• : produces the same vector for each artwork and visitor preferences

  • : produces a vector where is the score given by Enertex for the artwork and produces a vector as the visitor preferences.

  • : produces vectors of size equals to the number of artists. Each artwork is represented as a vector where if the artwork is created by the artist , otherwise. The visitor preferences are represented as a vector where if the visitor is interested by the artist , otherwise.

  • : produces vectors where and are the vectors produces by and respectively.

The first function defines the baseline: the visitor has no interest at all. The second uses the ranking provided by Enertex: the visitor wants to discover the most important artworks of the museum. The third uses the visitor preferences (a set of interesting artists). The last combines both visitor preferences and museum point of view (we multiply by because we want to give more importance to the visitor preferences than to the museum point of view).

Vii-C Evaluation

To evaluate the output tour, we measure the relevance percentage defined as :

(21)

where is the set of artworks proposed in the tour (i.e. ) and the interest function used (as saw above). The relevance percentage denotes a satisfaction rate of the visitor.

Vii-D Results

For each function , we ran the program with different time limits from 30 to 330 minutes (the time required to visit the entire collection) by steps of 15 minutes. For and , we randomly pre-generated 5,000 combinations of 2, 3, 4 and 5 artists (i.e. the same combinations are used with and ) and calculated the arithmetic mean relevance percentage for each duration.

Fig. 4: Evolution of the relevance percentage

Figure 4 shows the evolution of for each function . As expected, the first interest function produces a linear evolution of the relevance percentage (given that all artworks have the same interest, the tour includes the greatest number of artworks). With Enertex we are able to propose efficent tours to visitors who want to discover the museum (without particular preferences). The combination of both visitor preferences and intrinsic preferences produces the best results up to 49% of relevance improvement. It also appears that after 150 minutes, the improvement is less significant, we could assume that, from the visitor point of view, the optimal tour duration is about 2 hours and a half.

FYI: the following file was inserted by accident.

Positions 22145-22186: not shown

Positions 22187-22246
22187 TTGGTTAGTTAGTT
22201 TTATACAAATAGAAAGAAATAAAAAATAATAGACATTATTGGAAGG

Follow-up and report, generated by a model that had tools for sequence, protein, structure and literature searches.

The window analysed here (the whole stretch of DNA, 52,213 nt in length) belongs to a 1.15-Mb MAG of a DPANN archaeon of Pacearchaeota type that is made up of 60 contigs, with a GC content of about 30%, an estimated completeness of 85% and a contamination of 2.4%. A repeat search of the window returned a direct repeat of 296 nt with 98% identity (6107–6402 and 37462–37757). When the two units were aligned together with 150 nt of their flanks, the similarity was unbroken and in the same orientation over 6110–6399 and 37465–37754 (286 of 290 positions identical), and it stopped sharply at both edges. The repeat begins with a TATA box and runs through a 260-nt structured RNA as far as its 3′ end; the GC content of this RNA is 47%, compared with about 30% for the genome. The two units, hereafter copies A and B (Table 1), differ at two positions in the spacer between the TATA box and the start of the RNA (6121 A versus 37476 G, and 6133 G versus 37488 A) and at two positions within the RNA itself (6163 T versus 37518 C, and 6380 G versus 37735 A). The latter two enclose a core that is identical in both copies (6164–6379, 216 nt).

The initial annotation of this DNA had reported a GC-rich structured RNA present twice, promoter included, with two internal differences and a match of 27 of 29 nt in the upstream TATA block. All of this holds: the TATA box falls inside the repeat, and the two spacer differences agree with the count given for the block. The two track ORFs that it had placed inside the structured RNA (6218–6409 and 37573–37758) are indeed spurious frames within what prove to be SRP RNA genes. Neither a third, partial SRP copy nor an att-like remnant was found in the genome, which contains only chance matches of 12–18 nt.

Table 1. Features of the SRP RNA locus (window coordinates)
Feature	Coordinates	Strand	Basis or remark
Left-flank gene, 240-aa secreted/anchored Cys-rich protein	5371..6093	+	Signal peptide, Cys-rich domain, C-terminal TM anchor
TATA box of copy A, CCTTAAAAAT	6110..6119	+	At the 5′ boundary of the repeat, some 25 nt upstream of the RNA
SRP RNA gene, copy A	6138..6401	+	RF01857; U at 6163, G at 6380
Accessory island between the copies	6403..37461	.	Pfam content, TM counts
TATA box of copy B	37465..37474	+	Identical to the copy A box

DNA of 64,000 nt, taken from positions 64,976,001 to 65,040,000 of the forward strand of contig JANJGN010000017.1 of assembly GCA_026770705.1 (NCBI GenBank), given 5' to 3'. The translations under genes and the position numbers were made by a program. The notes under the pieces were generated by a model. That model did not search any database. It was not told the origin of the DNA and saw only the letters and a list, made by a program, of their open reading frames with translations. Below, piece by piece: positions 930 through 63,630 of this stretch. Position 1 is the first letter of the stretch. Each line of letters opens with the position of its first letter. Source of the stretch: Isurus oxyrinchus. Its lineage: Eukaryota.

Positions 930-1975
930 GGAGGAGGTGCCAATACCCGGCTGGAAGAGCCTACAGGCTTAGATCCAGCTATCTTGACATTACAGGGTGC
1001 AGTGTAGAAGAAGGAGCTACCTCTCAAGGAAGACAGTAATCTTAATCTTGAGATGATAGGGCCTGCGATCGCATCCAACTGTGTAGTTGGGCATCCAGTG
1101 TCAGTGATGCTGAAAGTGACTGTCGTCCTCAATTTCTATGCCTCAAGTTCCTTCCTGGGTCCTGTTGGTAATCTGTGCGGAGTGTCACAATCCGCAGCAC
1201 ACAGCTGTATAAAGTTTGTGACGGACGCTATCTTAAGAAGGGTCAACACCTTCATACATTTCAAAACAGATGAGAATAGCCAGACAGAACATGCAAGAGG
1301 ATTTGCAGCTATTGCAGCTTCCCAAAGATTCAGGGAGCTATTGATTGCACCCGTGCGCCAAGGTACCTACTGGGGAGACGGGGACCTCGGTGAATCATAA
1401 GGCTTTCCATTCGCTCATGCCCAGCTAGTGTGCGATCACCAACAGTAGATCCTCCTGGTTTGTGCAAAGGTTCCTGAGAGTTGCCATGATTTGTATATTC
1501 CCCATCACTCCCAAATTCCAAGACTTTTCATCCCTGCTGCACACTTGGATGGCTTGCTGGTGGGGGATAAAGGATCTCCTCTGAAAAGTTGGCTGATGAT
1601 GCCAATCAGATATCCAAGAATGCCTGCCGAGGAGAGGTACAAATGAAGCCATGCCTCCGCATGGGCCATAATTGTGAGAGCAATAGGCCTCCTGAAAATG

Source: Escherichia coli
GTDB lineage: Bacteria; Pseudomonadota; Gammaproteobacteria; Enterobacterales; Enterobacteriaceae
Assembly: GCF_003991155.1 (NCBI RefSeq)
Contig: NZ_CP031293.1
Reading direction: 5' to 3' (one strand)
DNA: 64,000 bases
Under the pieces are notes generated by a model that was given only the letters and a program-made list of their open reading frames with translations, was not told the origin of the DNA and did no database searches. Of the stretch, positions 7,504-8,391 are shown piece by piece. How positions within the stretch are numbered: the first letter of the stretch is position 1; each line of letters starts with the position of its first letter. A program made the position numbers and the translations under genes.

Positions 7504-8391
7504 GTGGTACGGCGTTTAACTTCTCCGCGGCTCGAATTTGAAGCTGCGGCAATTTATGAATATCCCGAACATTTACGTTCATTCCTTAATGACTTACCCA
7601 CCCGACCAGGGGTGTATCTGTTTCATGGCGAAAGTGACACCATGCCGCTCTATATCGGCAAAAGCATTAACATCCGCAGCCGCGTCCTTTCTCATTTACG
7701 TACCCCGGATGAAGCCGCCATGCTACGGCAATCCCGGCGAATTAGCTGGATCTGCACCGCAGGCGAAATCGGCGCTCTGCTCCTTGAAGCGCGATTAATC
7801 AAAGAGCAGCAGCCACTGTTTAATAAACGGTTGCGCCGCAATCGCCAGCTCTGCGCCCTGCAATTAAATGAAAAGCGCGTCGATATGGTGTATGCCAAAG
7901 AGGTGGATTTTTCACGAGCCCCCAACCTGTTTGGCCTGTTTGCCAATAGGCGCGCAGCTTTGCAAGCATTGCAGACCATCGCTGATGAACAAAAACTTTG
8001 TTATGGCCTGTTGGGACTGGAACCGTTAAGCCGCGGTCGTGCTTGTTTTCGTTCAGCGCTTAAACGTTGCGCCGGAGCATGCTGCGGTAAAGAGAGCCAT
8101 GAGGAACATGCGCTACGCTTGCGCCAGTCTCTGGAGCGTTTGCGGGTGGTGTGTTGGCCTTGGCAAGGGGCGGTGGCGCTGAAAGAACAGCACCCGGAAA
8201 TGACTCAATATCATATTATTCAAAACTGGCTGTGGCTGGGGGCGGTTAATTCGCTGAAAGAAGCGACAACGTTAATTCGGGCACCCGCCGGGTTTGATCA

Viii Conclusion and future works

This research tackles the problem of optimizing museum visits according to visitors preference and artwork importance. As a first milestone for next works taking into account the individual behavior in museum visits, it sets an original model combining computational optimisation and automatic learning via artificial intelligence. We first drew the optimization framework based on graph theory to depict the spatial organization of the museum (including rooms and paths), that requires an Integer Linear Programming to maximize the visitor overall satisfaction and to generate an optimal path, that is to say a series of rooms and artworks to be seen by the visitor. In complement, we compute an artwork description analysis by a natural language processing based on textual energy (using an algorithm called Enertex). This leads to ranking the different artworks according to the descriptions given by the museum, related to their artistic importance. Associating those two complementary approaches, we are then able to design optimal paths for visitors according to different interest functions based on artwork objective values assigned by museums.

Future works concern more subjective behavior of visitors depending on their profiles and leisure practices. Indeed, the project aims at finding relevant recommendations for optimal visit tours that rise a better fitness between the visitor wishes and the museum artistic supply. We can think about using natural language processing to generate the set of characteristics for all the artworks in a museum and calculate better interest vectors but also produce a summary of the proposed tour.

This information may advantageously be used by existing and potential visitors to refine the way they get involved in their cultural pratices. Indeed, it is admitted that the museum connoiseurs use to develop a critical mind about new services in a numerical society. Thence, aware visitors become able to appreciate the personalized routing recommendation system provided by their prefered museums.

Acknowledgments

The authors would like to thank the Departement du Vaucluse (France) and the FR Agorantic for the financial supports (projects @MUSE and InfoMuse).